Oil Shocks & Inflation

Oil Shocks & Inflation

Will higher oil prices force the hand of Central Banks?

With growing international support for rebel opposition in Libya, including the sending of arms, trade sanctions and embargos, and the seizure of billions of dollars claimed to belong to Gaddafi in Switzerland and the UK, one can only expect tensions in the country, and indeed the region to continue for now. Against this unsettled backdrop in one of the world’s more significant oil producing areas, we discuss the probable effects on both the oil price and the knock on effect for commodity price driven inflation – a key issue for investors this year!

Momentous events continue to unfold in North Africa and the Middle East initiated by an uprising of the people that has ended thirty years of Mubarak rule in Egypt.   Subsequent protests in Bahrain have been dealt with violently and now we witness a uprising in Libya where protestors and ‘rebels’ have even faced attacks from their own military (at least two air force pilots to defect with their war planes to Malta rather than bomb their own people!).  It is now almost certain that in the face of overwhelming international support for the rebels and sanctions against the incumbent rulers and Colonel Gaddafi personally, that time has effectively run out for the Libyan leader. Whilst these events do not directly affect the security of most western countries any increase in geopolitical risk has an unstable effect on global stock markets and eventually the economic outlook. Of particular concern is whether the supply of crude oil will diminish should production within these mostly oil producing nations fall.    Although Egypt and Libya account for less than 3.0% of global oil production there is concern that we may witness a contagion to nearby countries such as Saudi Arabia, which alone accounts for nearly 12% of total global production and a quarter of global reserves. Despite assurances from Saudi rulers one must remain concerned about stability in the country; apart from sending tanks towards the Bahrain border last week, the Saudi government has banned its citizens from going ahead with the “day of rage” rally planned this week and even blocked access to websites used in its organisation.  Such concerns have sent Brent crude oil prices above $115 US dollars a barrel (two year highs) and WTI Crude to $104 (see “Brent or WTI” below).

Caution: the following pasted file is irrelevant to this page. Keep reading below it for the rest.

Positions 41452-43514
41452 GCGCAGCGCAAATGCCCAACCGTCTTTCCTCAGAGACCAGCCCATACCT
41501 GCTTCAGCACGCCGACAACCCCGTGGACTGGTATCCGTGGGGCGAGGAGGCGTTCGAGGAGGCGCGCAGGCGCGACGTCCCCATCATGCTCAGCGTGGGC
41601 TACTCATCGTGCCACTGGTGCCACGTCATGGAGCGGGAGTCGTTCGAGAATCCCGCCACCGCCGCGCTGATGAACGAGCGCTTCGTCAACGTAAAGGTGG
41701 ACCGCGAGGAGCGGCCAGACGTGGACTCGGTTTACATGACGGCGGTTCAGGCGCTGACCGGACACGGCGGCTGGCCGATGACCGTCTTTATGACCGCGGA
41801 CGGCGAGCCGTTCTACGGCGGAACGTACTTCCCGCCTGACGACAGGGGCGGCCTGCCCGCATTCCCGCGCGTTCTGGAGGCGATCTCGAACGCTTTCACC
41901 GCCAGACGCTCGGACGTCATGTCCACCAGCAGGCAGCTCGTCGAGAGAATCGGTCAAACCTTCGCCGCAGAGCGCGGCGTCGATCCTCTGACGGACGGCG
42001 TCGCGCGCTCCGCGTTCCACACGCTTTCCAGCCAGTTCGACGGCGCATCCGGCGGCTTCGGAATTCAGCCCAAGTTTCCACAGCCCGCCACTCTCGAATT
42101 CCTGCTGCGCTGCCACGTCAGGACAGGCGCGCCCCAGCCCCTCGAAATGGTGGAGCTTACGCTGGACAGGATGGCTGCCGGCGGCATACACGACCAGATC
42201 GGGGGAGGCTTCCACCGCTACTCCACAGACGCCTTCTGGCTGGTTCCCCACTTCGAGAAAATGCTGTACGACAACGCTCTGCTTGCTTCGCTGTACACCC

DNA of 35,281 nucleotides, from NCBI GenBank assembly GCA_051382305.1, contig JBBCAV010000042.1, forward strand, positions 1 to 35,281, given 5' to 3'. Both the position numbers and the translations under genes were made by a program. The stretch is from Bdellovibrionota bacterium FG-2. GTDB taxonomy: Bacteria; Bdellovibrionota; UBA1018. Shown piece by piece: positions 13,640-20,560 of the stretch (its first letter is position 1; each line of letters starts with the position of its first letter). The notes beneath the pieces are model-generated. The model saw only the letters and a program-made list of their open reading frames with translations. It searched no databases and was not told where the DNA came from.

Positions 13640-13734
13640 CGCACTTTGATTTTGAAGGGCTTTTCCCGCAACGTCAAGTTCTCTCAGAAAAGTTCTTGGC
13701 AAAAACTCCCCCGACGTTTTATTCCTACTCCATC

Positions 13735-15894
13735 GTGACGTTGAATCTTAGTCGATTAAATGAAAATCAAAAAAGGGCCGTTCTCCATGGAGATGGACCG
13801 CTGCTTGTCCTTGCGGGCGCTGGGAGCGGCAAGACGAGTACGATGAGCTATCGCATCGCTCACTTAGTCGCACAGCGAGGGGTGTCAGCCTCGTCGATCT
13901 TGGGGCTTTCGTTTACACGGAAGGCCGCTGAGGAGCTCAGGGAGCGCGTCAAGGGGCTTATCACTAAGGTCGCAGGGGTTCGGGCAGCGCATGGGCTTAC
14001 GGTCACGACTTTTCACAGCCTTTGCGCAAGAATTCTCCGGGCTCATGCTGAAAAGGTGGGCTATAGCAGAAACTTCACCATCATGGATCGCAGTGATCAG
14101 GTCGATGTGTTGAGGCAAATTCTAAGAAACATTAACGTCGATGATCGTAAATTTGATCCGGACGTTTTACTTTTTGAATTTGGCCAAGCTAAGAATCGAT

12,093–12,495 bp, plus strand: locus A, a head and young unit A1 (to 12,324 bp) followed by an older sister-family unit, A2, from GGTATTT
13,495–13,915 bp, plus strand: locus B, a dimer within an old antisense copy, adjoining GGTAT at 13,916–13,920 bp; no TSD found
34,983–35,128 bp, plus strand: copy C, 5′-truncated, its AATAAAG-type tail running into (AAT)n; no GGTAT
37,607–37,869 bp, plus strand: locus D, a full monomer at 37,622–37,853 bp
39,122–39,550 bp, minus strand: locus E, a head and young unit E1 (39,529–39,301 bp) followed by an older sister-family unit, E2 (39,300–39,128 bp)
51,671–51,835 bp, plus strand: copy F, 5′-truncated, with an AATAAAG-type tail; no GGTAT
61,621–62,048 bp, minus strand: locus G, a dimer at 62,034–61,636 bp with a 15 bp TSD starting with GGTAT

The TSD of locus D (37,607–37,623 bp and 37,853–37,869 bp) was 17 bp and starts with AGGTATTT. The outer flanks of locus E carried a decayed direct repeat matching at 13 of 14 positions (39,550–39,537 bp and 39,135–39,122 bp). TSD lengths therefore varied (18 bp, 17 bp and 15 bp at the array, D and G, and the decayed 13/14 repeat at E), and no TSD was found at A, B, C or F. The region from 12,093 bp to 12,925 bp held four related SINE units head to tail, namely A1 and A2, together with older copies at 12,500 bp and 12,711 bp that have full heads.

However, let us not forget that oil prices were already on the rise prior to these potential supply disruptions coming to the fore.  As in 2008, when oil prices hit $147 a barrel, an increase in global demand and the unavoidable effect of financial speculators pushed up prices – a situation we are facing now as the world emerges from recession.  This effect can not only be seen in energy but also metal and agricultural commodities which are making similar new highs. What we face today, therefore, is a long-term demand led price rise being exaggerated in the short-term by supply disruption fears; higher oil prices may be here to stay. 

Despite renewed calls for the adoption of ‘greener’ technologies (and energy production) we remain firmly reliant on crude oil, and as such, any sustained higher prices will undoubtedly feed through to higher inflation as production and transportation costs increase. Higher costs to households (as petrol and heating costs rise) will additionally curtail both retail spending and threaten economic growth possibly derailing the current economic recovery.